The Stigma Around Counseling

Counselling and SupportCounseling is a necessary and beneficial tool to society, but it has come to be stigmatized as a sign of weakness and brokenness. In many factions of society, it is considered a disgrace to need counseling. It is looked down on as something that broken, weak, whiny people require. This stigma originates from thousands of years of people having to cope with hardships and trials in the midst of cultures that did not approve of weakness. In modern times, we understand the intricacies of human mental health far better than we did in the past, yet still people consider it a sign of weakness to explore it with a professional for the purpose of bettering one’s self.

One of the most common stigmas of receiving counseling is that the individual must be broken or damaged goods. Society sees this type of person as throw-away and unable to contribute anything of value. It is true that people tend to seek counseling to remedy something that is going wrong in their lives, such as their marriage or their life’s direction. However, assuming that anyone who needs counseling for matters such as these must be broken rather than simply having the wisdom to know when to seek help is the root of harmful stigmas.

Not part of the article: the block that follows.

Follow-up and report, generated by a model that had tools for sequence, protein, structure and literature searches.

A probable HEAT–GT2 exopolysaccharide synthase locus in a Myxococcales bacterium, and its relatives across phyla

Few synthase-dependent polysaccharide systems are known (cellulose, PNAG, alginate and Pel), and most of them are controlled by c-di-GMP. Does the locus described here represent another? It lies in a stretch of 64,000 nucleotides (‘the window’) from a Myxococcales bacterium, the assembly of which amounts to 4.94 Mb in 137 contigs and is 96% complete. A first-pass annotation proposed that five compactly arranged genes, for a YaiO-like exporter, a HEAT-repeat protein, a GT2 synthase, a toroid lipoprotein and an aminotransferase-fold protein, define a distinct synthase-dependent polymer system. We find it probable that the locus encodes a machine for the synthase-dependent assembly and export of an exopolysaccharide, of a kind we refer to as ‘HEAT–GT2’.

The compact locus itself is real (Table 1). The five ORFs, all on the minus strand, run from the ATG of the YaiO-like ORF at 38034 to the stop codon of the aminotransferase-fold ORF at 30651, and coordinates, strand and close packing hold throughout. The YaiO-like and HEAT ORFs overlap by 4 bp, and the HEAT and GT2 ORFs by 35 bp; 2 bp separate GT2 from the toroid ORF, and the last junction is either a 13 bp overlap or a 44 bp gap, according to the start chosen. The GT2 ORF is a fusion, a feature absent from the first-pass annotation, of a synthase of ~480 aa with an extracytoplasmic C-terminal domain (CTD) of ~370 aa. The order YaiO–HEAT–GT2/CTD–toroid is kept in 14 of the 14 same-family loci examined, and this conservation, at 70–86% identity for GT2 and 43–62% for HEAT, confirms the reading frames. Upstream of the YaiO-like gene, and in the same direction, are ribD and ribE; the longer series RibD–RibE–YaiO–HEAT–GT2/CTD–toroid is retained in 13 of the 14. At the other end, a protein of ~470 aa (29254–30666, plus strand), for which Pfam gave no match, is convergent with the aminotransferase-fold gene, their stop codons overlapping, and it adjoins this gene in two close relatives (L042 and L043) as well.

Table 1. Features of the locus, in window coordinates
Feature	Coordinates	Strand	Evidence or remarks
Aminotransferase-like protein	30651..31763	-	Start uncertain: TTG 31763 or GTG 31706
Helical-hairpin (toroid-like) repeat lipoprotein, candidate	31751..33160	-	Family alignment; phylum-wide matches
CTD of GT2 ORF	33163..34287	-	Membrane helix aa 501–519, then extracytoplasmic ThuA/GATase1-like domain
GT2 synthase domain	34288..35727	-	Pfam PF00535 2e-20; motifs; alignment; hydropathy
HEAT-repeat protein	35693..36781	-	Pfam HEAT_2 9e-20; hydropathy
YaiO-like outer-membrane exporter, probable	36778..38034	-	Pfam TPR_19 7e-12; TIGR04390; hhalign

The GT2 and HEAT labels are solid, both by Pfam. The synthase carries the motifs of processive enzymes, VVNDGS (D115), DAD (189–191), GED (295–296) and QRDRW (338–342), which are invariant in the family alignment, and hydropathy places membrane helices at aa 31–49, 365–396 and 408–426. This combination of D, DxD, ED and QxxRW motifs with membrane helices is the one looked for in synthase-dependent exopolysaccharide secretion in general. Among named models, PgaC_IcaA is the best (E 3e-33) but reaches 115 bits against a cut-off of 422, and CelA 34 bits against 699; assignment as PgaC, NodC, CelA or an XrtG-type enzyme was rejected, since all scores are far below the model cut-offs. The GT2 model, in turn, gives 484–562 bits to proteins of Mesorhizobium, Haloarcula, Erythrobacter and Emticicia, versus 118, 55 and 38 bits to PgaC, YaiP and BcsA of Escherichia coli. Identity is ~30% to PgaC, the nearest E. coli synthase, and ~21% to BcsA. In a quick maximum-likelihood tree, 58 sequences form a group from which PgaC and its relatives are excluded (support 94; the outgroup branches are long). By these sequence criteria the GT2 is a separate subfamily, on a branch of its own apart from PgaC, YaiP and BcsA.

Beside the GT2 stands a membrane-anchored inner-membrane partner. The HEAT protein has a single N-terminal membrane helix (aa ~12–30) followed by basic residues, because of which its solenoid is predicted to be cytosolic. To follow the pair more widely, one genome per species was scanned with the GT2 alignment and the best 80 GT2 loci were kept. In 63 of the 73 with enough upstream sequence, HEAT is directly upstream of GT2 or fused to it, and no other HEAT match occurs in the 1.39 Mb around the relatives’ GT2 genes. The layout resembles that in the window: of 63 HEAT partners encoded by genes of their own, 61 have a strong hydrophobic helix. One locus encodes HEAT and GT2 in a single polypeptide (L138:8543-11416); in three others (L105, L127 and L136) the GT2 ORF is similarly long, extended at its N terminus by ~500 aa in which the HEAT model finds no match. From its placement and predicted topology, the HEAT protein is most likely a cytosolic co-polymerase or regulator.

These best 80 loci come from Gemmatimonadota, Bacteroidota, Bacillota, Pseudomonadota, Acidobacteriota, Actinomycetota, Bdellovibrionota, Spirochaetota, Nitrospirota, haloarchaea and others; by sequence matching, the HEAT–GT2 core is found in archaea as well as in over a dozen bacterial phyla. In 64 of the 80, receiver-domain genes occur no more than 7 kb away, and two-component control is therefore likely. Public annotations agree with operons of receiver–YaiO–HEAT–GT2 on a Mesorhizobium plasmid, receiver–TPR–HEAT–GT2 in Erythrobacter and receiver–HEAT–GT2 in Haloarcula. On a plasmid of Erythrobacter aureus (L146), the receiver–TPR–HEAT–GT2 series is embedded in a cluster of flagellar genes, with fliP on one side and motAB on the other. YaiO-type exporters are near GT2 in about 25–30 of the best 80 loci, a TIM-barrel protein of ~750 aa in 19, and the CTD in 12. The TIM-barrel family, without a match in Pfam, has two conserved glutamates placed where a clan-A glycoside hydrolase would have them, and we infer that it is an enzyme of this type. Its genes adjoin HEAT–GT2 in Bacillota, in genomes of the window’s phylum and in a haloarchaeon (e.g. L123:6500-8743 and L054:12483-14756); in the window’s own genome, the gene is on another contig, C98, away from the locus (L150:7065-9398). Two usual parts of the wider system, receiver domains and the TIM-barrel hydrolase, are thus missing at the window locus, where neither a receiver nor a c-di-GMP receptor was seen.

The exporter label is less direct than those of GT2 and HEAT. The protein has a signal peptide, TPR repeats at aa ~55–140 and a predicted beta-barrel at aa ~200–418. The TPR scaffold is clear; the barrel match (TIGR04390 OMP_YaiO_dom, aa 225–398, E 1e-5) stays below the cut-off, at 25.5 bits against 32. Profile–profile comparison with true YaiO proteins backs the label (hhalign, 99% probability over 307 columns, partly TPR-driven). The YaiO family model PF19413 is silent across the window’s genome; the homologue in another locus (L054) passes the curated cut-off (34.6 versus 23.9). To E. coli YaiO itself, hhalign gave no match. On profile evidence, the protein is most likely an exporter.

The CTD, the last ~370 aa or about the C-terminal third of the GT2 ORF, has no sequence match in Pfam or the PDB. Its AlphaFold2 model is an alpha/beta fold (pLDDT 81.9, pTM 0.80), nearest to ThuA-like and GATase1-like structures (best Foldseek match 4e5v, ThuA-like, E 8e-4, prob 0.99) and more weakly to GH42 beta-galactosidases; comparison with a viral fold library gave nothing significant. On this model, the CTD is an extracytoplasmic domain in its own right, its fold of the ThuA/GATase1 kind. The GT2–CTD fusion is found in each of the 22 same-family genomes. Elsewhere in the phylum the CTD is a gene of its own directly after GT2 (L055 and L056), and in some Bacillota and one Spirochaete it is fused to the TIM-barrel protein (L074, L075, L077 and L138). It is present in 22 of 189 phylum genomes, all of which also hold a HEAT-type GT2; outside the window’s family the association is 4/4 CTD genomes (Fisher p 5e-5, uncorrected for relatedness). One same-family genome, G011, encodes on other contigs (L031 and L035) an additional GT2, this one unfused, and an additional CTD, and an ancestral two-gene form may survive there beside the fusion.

Another widely spread stigma of a person who needs counseling is that they are weak, needy and cannot handle themselves. The idea of counseling indicating weakness is an old, pervasive one. Men in particular still fall victim to this way of thinking all the time. Asking for help is perceived as a sign of weakness. This is an attitude that many have worked long and hard on to eridicate. In fact, possessing any understanding of human behavior means that you already know better; that requiring counseling makes a person more sturdy and self aware than burying the feelings one is going through.

And lastly, it is common to be stigmatized as a whiny, emotional crybaby for needing counseling. People value strength and stability over expressing their hardships, which has lead to a collective mindset that opposes reaching out for help. Nothing could be further from the truth. Allowing one’s self to be vulnerable enough to seek help is a sign of strength.

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